Recalling the warnings in this book, I pondered if, perhaps, the authors' fears had been realized and the election of Trump was evidence that our collective IQ was dropping.
Then, in January, I joined Facebook.
I was immediately shocked at the sheer volume of misinformation - and downright lies - that were being spread through social media. Some of this misinformation was being shared by people I knew and, disturbingly, it seemed they agreed with the biases. Overwhelmingly, the biases were anti-immigrant, anti-intellectual, and anti-liberal.
Just as I had during the tree sit back in 2004, I thought that once presented with accurate information these people would see that they had been misled.
Again, I was wrong. The more I argued with people, the more they became entrenched in their position. Even when the logical fallacies were pointed out and they were presented with irrefutable contradictory evidence, most refused to budge.
Herein lies the lesson that Facebook has taught me. While I was familiar with Marshall McLuhan's work, I don't think I really understood it until now. (Okay, so I still don't fully understand it, but it makes a lot more sense to me now.)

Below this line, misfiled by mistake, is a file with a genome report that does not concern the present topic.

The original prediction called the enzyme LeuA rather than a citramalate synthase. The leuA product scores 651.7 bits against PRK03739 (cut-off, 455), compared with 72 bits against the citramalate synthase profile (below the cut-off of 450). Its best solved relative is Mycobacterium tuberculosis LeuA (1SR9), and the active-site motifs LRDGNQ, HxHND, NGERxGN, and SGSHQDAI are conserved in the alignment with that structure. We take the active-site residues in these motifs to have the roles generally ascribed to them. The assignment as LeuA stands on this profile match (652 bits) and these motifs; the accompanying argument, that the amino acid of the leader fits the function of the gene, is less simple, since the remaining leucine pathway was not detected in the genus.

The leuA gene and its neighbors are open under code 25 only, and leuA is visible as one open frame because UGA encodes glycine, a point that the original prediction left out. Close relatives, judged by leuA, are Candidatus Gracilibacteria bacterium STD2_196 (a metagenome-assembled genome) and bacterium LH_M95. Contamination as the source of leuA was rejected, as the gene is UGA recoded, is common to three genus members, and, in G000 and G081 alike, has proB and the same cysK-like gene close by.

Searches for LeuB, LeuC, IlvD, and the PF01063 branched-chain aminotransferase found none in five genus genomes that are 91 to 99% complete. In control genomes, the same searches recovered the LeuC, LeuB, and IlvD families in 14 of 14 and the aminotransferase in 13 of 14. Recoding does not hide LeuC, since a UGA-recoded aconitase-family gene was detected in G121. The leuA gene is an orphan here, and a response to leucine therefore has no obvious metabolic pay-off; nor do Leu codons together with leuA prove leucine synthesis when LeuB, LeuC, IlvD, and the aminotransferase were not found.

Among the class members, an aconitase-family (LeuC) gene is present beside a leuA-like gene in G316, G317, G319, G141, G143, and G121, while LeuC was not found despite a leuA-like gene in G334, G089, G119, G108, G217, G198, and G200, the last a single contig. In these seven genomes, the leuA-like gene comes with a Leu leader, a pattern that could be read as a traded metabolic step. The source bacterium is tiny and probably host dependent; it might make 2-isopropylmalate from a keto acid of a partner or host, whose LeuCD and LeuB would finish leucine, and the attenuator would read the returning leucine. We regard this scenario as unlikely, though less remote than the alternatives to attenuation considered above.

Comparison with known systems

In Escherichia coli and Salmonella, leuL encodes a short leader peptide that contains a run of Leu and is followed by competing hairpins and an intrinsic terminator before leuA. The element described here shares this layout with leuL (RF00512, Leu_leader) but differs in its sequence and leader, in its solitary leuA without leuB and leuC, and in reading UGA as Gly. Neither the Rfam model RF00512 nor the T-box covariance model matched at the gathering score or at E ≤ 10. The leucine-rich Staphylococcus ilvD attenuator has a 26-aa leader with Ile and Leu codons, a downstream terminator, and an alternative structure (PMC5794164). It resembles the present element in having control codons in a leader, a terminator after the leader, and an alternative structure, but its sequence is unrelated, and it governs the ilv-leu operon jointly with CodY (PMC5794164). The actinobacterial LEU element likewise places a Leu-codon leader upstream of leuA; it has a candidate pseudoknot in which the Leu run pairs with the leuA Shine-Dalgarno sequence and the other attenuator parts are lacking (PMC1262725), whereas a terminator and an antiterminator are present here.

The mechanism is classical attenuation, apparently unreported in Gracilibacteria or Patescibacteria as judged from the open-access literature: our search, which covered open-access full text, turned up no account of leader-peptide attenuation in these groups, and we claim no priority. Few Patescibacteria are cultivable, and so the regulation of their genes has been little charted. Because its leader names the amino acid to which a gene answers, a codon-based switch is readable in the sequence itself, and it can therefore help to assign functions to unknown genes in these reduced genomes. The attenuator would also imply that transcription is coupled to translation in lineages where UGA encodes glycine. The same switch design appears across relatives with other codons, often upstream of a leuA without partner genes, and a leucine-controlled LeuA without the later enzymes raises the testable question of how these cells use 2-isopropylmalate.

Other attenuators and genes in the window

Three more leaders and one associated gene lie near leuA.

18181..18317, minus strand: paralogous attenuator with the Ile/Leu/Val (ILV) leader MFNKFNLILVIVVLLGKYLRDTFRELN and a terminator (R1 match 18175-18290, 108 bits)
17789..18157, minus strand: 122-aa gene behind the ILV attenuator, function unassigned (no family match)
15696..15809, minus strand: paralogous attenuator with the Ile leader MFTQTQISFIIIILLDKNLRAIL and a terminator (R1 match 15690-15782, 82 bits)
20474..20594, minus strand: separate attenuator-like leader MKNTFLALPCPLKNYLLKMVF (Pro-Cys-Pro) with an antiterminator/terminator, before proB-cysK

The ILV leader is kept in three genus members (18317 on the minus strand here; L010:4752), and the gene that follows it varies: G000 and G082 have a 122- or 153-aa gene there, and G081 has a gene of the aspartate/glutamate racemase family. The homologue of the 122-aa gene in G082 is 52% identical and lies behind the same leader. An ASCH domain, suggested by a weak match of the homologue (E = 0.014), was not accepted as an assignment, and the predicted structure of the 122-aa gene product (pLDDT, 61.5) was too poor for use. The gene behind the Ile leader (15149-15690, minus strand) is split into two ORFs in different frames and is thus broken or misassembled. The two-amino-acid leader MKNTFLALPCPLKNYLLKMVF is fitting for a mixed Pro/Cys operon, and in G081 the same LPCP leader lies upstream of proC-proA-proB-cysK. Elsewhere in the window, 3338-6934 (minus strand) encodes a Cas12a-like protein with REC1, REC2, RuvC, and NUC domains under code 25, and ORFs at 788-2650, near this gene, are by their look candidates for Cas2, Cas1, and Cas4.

In his 1962 book The Gutenberg Galaxy, McLuhan wrote:
Instead of tending towards a vast Alexandrian library the world has become a computer, an electronic brain, exactly as an infantile piece of science fiction. And as our senses have gone outside us, Big Brother goes inside. So, unless aware of this dynamic, we shall at once move into a phase of panic terrors, exactly befitting a small world of tribal drums, total interdependence, and superimposed co-existence...
And so here we are. We have lost our senses and are now inhabited by Big Brother. While a few of us are aware of this, the majority are not. They ingest the soundbites like candy and it rots their brains. They have lost their ability to think critically, creatively, independently.
Our leaders (both visible and invisible) use fear the way computer programmers use codes. And like computers, the masses react predictably.
Technology - specifically social media - is destroying democracy.
So that's how we got here.
The question is: How do we get out of here?
You must be logged in to comment.